Menstrual products are almost as essential to women’s wellbeing as food. It’s hard to imagine life before disposable pads, and we’ll always be indebted to the inventor - or inventors, as history has it.
The downside of the convenience that these products bring is that they come at a cost. A recent report by Stellenbosch University shows that 30% of school children miss their classes because they cannot afford to buy sanitary products.
A survey recently conducted by JustMoney.co.za found that, on average, women spend R100 a month on menstrual products. 72% of them prefer to use pads to deal with their period while 28% use tampons. The most popular brands were Always and Kotex for the comfort they provide.
Even though the majority of respondents said their product and brand of choice was not influenced by price, 46 % of them felt they were paying an unreasonable amount as these products should be free.
Despite the measures taken by the government to issue free pads to school children in need, and removing tax on women’s sanitary products, these are still expensive for many. So, we sought to find out whether there is a more cost-effective way to help women manage their periods.
Tip: Use our budget calculator to manage your spending.
Stacey Vermeulen, spokesperson for Biddy Kins SA, an online store for babies and new mothers, says, “Reusable pads are a once-off expense. You buy a set of pads that will last up to five years if cared for properly.”
Gin McLellan, brand manager for Woman’s Warehouse, agrees. “A woman menstruates on average for 40 years, spending an average of R36,000 on tampons and pads in her lifetime. This is an average spend of R75 per month.
“If this same woman made the switch to a reusable, washable pad, her spend would be R11,33 per month,” explains McLellan.
According to Vermeulen, reusable pads are also a much more workable option. Disposable items generally contain harmful chemicals and perfumes that often cause irritation to women.
“A lot of ladies comment that they have a much better menstrual experience with reusable sanitary options, which also tend to absorb better,” Vermeulen says.
What about menstrual cups?
“The initial cost of a menstrual cup is much higher than a disposable product, but it lasts for many years which means huge savings, making this a great investment,” says Cara Lugibihl, a spokesperson for MyownCup.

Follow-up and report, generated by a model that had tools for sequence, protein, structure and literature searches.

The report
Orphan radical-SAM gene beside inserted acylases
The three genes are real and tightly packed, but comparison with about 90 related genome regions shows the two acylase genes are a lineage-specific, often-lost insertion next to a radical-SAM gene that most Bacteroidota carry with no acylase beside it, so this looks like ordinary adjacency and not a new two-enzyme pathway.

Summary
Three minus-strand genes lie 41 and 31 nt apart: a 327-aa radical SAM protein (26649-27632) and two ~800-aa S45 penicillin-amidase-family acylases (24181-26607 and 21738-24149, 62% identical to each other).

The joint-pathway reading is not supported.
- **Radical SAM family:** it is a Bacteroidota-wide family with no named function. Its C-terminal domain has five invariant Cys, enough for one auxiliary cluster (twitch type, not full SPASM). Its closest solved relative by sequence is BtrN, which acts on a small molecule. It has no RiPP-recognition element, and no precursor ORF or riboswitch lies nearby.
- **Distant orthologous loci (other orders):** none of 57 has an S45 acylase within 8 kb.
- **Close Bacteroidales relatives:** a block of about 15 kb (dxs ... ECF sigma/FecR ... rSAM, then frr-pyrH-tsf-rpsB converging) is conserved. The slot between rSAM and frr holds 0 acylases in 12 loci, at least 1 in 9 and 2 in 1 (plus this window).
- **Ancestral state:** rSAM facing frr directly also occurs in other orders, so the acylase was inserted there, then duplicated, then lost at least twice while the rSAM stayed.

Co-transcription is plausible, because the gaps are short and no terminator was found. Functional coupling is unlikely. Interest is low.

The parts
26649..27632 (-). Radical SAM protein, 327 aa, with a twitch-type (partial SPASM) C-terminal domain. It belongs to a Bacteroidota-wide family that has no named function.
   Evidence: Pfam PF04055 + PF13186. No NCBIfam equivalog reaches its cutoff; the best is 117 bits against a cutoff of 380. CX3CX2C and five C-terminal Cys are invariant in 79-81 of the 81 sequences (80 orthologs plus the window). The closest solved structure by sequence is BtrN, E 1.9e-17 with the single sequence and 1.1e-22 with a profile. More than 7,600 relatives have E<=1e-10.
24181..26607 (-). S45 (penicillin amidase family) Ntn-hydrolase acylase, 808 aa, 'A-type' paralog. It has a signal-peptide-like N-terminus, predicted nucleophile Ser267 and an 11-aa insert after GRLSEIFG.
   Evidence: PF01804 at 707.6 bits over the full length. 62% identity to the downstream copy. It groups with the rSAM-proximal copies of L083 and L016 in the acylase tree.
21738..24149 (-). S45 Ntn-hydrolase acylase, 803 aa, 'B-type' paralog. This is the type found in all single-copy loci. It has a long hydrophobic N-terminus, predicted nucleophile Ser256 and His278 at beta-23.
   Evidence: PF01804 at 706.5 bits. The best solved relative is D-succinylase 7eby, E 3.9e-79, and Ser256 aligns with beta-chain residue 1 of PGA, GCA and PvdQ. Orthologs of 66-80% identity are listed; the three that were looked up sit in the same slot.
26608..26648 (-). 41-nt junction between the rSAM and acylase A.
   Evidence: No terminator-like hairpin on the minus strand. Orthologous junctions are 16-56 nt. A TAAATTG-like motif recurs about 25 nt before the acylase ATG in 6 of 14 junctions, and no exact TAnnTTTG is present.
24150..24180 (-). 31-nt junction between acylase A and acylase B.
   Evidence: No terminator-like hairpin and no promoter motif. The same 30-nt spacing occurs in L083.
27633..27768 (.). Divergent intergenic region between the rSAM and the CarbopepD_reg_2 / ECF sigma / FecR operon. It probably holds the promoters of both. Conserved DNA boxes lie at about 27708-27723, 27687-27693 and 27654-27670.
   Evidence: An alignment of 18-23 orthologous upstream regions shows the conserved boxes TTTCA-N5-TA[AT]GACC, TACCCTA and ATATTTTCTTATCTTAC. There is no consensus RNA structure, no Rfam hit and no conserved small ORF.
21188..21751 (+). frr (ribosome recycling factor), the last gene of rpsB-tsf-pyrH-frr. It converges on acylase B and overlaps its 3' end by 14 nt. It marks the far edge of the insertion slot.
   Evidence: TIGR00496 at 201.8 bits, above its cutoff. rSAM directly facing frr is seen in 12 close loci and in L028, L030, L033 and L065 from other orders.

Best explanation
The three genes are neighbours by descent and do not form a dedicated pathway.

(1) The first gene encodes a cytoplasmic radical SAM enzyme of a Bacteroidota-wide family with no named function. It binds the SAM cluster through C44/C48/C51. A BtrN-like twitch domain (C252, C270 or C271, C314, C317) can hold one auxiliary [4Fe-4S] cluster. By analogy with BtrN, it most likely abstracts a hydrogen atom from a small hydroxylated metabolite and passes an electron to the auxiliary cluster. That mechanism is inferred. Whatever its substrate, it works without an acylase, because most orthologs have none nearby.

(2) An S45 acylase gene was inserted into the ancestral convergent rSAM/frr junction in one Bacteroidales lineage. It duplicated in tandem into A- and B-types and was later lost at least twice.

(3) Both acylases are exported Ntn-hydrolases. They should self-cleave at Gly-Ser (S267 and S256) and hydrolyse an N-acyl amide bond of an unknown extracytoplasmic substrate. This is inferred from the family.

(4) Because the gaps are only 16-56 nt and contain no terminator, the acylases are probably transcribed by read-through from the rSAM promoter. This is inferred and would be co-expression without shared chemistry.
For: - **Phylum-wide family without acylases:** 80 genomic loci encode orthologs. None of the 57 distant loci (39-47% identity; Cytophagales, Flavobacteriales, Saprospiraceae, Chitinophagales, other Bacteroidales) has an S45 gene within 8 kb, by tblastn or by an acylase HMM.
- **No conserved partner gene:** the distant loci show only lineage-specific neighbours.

She illustrates this by comparing the initial cost of MyownCup menstrual cup with what you would save over a 5-year, and 10-year lifespan.
Cost per month over 5 years
(60 menstrual cycles)
Cost per month over 10 years
(120 menstrual cycles)
‘’If you compare the price of R 4.17 per month over 5 years to a traditional pad, such as Kotex Designer Maxi Pads 20's at R33.95, used at average rate of 20 pads per cycle, the cup is paid within 7 months, with 140 pads saved from landfill,” says Lugibihl.
READ MORE: Pads vs. tampons: Which is costing you more?
She points out that menstrual cups have no bleaches, chemicals, BPA’s, toxins, or dyes. They can be worn during all sporting activities including swimming as they create a barrier and collect menstrual fluid.
“Menstrual cups can be worn for up to 12 hours at a time and collect up to three times as much as a regular pad does, before they are emptied, rinsed, and reused,” she says.
You don’t have to worry about the absorption of menstrual fluids or any other natural secretions that help keep the vagina’s delicate balance.
“As the cup sits inside the vagina, it is discrete with no strings attached, and also has no odour even on the hottest days,” says Lugibihl.
Where can you find these reusable products?
“Reusable options are becoming more and more popular. We sell on our online shop and courier countrywide. But a few mainstream shops are now also starting to stock reusable options, as they are realising the benefits,” says Vermeulen.
McLellan adds that the more women talk about reusable menstrual products and share their experiences, the more likely others are to get out of their comfort zone and change their sanitary products.
“At Woman’s Warehouse we are firm believers in being authentic in our approach to period poverty. We have tried both the menstrual cup and reusable pads, and the impact was so great we have now stopped buying disposable sanitary products,” she says.
Your financial health is as important as your reproductive health. Make sure you register on CreditSav to monitor yours.
For more on how to save on menstrual products, watch this video.